"Find it, then, show me!"
    Hardly a difficult task, but it still pleased me to have her tug me along straight to the deer. Never a shy dog, she got stuck in for a good old sniff, tail going like mad. I left her to it and stuck my hand under the beast's head. A huge exit wound in the lower neck confirmed my shot placement. I texted Barry and started about the gralloch, but in the dark and having only watched others before I ended up waiting for backup rather than making a mess of it. Poppy got a little over enthusiastic and tore open her own neck wound as well. I wished I'd picked one of her nice reserved littermates!
    Barry arrived with a stalking friend, and with their guidance and I was able to complete the gralloch by torchlight. Another first, and another piece of kit "blooded"- the knife that Wildboar1978 gifted me last year.
    No pictures of the beast I'm afraid folks as it was dark, although he's now hanging in my cellar after considerable physical effort and a bollocking off the wife for dribbling blood through the kitchen.
    All in all a good day! Rifle christened, home made sticks christened, knife christened, new species dropped, dog acquainted with real deer and soon the freezer filled (and looking at the size of him a few mAtes freezers too, if they can be convinced to eat bambi

    I must say thanks to Barry as well, who has been really good to me ever since my first outing with him was a blank, he's had me back several times for free and taught me a lot as well. Top man!

    I hope my write up was enjoyable and didn't bore anybody too much! Thinking about it now, I'm still beaming!
    See my blog for - My kindly sponsored DSC1 course and chart my progress from deer virgin to stalking veteran
    AND my new puppy progress DIARY

  2. #2
    Well done , a great adventure has begun .

  3. #3
    What did it weigh and looking fwd to the Picture..........!!


  4. #4
    Nice write up....If you had a Swiss army poncho with nail file, camera, and torch etc

  5. #5
    well done simon ,christened a fair few bits of kit there and the dog as well ,a grand day out grommit

  6. #6
    Good write up and congratulations. If "Barry" is Elmer Fudd, from your description I could imagine exactly where you were and lived the experience with you and also agree that he is a top man.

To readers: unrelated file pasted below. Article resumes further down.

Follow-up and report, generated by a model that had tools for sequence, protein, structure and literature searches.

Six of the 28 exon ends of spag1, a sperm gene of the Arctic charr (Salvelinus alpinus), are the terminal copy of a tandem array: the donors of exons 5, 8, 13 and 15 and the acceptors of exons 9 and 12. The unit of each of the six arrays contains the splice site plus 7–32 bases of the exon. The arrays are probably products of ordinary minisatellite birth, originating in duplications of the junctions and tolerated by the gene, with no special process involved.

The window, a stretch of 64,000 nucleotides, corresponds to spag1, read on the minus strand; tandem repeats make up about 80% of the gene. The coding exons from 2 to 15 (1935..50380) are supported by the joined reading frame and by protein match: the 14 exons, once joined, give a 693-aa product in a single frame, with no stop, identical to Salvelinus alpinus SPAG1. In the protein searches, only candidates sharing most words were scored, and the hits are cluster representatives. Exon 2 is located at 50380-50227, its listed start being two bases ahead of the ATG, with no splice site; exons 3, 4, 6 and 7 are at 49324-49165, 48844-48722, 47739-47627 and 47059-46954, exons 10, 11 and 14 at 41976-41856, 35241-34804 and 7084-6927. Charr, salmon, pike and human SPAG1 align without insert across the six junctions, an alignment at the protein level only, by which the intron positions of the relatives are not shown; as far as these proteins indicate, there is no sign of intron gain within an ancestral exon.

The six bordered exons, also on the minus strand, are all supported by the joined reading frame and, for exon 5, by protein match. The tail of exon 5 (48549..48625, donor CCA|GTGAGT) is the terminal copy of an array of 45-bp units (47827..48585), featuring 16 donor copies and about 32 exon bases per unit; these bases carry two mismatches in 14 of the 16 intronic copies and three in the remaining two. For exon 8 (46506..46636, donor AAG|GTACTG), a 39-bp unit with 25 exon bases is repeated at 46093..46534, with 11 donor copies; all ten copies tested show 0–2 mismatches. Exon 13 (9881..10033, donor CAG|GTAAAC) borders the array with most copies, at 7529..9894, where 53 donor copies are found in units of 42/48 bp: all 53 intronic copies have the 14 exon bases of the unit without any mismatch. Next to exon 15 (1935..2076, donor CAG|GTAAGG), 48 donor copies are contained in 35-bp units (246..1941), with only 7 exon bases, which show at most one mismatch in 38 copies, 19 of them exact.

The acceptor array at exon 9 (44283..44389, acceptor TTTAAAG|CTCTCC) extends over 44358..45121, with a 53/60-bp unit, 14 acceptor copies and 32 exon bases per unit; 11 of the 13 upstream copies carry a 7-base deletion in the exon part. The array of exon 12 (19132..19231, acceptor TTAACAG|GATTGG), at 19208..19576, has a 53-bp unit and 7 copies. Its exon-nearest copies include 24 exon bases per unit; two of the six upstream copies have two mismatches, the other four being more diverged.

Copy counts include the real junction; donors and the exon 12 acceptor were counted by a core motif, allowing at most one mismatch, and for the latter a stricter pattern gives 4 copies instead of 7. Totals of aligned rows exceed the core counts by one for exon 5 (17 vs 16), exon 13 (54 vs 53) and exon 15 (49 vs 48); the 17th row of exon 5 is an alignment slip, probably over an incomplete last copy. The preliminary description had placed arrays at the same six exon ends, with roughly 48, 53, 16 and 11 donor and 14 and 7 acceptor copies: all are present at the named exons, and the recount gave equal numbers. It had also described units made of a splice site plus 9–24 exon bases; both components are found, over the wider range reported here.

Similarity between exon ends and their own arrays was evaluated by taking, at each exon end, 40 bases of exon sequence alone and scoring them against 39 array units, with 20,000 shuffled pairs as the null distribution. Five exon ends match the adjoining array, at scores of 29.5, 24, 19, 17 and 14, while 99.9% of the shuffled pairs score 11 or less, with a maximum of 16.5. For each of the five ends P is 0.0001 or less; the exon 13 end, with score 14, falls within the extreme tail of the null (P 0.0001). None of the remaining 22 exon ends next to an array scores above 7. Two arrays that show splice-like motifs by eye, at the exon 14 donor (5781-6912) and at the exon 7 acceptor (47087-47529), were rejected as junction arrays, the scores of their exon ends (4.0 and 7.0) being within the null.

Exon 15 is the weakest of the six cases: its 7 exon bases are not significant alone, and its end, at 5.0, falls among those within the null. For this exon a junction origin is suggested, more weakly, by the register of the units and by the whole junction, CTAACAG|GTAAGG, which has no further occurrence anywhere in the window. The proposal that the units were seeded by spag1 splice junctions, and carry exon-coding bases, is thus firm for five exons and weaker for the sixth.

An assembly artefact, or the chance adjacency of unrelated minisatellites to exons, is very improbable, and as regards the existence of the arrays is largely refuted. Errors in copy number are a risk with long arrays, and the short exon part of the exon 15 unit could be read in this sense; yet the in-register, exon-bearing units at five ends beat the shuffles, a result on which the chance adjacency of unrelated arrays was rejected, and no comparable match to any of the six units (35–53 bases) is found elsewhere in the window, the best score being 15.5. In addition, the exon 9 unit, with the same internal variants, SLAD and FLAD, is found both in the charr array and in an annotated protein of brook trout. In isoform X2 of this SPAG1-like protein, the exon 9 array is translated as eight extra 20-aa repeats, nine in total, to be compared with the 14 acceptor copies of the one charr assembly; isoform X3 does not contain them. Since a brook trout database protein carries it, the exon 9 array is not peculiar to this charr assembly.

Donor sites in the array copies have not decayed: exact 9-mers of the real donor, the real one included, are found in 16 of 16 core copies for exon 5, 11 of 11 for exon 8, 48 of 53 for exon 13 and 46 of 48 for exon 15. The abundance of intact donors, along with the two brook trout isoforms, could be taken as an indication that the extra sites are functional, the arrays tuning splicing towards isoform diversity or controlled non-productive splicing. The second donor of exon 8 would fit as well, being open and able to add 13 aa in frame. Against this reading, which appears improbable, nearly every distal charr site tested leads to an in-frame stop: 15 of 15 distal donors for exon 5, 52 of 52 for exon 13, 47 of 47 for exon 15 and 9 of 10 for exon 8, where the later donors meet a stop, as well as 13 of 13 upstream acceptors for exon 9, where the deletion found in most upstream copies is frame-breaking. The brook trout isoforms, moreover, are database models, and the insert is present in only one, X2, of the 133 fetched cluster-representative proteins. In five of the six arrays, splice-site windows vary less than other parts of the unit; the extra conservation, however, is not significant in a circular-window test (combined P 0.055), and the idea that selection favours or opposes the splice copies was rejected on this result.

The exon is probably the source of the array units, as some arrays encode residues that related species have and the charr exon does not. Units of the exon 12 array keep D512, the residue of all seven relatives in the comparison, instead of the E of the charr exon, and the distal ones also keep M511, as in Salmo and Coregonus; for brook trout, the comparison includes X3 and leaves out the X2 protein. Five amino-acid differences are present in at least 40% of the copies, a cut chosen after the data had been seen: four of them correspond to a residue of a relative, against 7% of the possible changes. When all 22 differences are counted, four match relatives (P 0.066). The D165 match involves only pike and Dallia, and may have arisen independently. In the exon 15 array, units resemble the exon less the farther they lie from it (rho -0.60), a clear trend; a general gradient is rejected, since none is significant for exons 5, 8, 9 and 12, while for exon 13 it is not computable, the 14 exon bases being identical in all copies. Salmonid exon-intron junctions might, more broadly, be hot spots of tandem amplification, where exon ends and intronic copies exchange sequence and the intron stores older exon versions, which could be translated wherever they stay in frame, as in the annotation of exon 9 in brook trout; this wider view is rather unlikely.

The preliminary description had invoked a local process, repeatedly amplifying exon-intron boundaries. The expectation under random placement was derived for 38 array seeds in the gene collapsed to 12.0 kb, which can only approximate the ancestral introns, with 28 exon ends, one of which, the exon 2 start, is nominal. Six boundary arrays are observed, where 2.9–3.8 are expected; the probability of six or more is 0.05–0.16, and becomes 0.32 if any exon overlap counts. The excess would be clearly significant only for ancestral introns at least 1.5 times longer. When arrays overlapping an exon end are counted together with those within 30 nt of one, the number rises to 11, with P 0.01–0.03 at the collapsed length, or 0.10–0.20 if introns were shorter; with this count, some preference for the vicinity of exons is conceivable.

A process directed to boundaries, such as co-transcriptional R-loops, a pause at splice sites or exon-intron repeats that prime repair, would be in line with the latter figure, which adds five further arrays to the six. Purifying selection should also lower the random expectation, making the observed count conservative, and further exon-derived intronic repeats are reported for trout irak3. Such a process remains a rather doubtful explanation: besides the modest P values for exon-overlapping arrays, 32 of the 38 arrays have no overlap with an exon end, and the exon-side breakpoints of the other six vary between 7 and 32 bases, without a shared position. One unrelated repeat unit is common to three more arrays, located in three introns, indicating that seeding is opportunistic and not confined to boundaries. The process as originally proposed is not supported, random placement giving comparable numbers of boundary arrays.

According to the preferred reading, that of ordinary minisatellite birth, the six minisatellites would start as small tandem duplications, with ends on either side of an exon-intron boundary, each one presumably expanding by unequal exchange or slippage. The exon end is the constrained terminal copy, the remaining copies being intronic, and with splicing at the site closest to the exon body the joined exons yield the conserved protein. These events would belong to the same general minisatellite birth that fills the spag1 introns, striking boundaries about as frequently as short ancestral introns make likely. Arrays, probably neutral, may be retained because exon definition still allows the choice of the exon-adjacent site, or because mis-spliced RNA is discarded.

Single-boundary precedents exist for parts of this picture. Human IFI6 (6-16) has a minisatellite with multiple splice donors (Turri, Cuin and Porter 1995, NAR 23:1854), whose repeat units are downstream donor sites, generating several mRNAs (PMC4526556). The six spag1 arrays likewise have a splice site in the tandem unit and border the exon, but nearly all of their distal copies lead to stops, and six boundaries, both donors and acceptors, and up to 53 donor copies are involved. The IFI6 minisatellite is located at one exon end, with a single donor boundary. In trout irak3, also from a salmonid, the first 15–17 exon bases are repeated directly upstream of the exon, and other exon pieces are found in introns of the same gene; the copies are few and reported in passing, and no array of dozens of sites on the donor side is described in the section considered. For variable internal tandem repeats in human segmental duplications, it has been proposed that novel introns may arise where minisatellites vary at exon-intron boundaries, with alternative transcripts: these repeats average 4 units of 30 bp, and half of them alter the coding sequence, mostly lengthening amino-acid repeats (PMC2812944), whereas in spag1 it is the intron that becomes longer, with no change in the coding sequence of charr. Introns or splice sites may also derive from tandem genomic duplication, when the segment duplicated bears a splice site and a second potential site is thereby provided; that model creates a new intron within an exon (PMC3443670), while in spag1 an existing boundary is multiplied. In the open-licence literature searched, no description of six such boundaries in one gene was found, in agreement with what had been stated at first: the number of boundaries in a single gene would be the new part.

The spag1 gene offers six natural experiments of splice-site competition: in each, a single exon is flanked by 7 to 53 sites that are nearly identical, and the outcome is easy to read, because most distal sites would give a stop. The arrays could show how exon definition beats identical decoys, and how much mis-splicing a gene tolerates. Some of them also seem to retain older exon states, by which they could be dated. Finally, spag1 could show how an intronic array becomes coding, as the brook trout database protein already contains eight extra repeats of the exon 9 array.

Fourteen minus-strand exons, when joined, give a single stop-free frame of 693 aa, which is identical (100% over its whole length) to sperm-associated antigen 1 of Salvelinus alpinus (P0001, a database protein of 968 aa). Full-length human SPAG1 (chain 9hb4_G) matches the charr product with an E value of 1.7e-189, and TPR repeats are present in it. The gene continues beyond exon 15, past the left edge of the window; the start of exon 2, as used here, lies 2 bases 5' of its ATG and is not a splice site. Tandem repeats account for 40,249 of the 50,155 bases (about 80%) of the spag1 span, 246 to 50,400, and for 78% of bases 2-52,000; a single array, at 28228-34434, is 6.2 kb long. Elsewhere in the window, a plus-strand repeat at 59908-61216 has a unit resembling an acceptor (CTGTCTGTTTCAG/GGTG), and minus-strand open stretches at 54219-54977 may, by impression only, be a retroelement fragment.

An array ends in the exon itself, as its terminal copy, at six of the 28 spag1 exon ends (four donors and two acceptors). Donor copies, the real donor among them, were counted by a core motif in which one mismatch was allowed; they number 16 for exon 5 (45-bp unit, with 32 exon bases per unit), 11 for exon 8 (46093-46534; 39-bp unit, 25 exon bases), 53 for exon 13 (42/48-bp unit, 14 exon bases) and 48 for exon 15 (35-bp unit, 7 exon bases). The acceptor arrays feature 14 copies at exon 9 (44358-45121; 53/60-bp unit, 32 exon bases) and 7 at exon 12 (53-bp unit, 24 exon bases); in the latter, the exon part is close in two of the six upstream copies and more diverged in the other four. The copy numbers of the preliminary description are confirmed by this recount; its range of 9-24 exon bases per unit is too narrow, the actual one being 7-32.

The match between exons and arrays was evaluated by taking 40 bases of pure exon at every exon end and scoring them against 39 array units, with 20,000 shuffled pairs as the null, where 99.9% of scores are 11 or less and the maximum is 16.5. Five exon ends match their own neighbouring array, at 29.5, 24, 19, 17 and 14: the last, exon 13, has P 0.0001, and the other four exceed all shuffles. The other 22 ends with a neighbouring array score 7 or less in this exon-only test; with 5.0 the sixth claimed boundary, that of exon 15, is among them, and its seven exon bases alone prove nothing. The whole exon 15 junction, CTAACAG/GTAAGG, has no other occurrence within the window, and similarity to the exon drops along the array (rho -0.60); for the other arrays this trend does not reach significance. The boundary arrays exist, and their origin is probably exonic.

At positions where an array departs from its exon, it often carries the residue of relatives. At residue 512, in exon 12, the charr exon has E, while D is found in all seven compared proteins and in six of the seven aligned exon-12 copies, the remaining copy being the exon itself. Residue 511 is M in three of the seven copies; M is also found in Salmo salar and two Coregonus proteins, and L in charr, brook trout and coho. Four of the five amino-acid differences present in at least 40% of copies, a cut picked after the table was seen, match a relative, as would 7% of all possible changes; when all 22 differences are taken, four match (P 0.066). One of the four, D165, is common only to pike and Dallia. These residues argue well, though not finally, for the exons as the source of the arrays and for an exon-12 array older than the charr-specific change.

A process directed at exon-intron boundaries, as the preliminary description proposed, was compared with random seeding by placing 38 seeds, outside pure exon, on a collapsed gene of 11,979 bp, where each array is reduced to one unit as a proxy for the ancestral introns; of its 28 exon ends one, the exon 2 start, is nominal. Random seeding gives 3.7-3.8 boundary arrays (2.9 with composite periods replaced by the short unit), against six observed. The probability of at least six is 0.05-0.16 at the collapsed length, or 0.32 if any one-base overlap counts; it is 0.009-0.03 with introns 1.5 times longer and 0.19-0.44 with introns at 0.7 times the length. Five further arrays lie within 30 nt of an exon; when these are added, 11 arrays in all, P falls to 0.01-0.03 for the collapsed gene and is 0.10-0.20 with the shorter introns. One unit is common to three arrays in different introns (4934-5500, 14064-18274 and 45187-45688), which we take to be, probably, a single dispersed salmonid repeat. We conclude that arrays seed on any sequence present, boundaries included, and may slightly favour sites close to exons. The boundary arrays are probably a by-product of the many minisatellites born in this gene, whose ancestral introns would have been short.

7. #7
    Quote Originally Posted by bigscott270 View Post
    Nice write up....If you had a Swiss army poncho with nail file, camera, and torch etc
    History will be kind to me for I intend to write it.

  8. #8
    Well done Simon. A great write up, and a brilliant outcome. Plenty for you and the dog to take in and learn from. She'll get better the more she's out. The next lesson is butchery! Really pleased your getting on well.

  9. #9
    Nice for you to finally grass one Simon and all the more special as you did it on your own. I would have liked to have been there for the moment but your rifle zero took longer than expected and I had promised to meet someone in the village.

    The first time you came with me was on an experience day and when it came to zero the rifle we had deer crossing in the next field, this time when you were zeroing your new rifle we again had deer crossing in the next field so next time you come I think we need you to sit up by the Oak trees and I will check the zero on my rifle and lets see if it happens again as I know the deer sit down in that dingle all day. It just goes to show as well that the deer are not overly bothered by zeroing as the deer you shot was in the very next field and only a couple of hours later.

    You aren't doing bad having now having grassed 3 different deer species and in such a short time and I am sure you will grass the remainder if you target these species, we can help you with Red and Sika if you fancy a trip up to Scotland.

    Hope you were up early enough to take the dog out for a walk this morning as eating all that meat and blood must have done wonders to her digestive system.

    I think that deer will be well over 100lb as the little scale we tried to use in the middle of the field went up to 38kg and half the deer was still on the ground as you couldn't get the height to lift it. If we had been near the trees I have a hoist and proper scales in my truck we could have used.

    When you skin it, roll the skin up and tie some string to it so you can use it as a scent trail marker for the dog but use it soon as it will be fresh in the dogs mind just what the smell is and what reward she will get.

    Best of luck to you both for the future but don't tell Joe as he will be really pi--ed off that you have your third species and he is still after his first. He must be one of the unluckiest people going as he has seen and been in front of but never seems to be able to finish off for one reason or another and even sent him up to Manchester with Howard who had been watching a nice roebuck and invited him to come and try for it. True to form he didn't get it and the following week the buck was taken by Howard and turned out to be a silver medal buck.

    I have new ground in North Somerset and I have told Joe he can come down with me when he gets some time and try and grass some of the deer which are causing the landowner damage at the moment so hopefully, fingers crossed he will finally bust his duck

  10. #10
    Quote Originally Posted by woodmaster View Post
    The next lesson is butchery!
    Done today! Although it was probably a bit rough around the edges. Plenty of dice, two fillets, one roasting joint and a load of odd shaped steaks
    Probably could have had a lot more meat off but I was working quickly and from memory off a combination of books and videos. The swingblade did the lot though, field to freezer.
    See my blog for - My kindly sponsored DSC1 course and chart my progress from deer virgin to stalking veteran
    AND my new puppy progress DIARY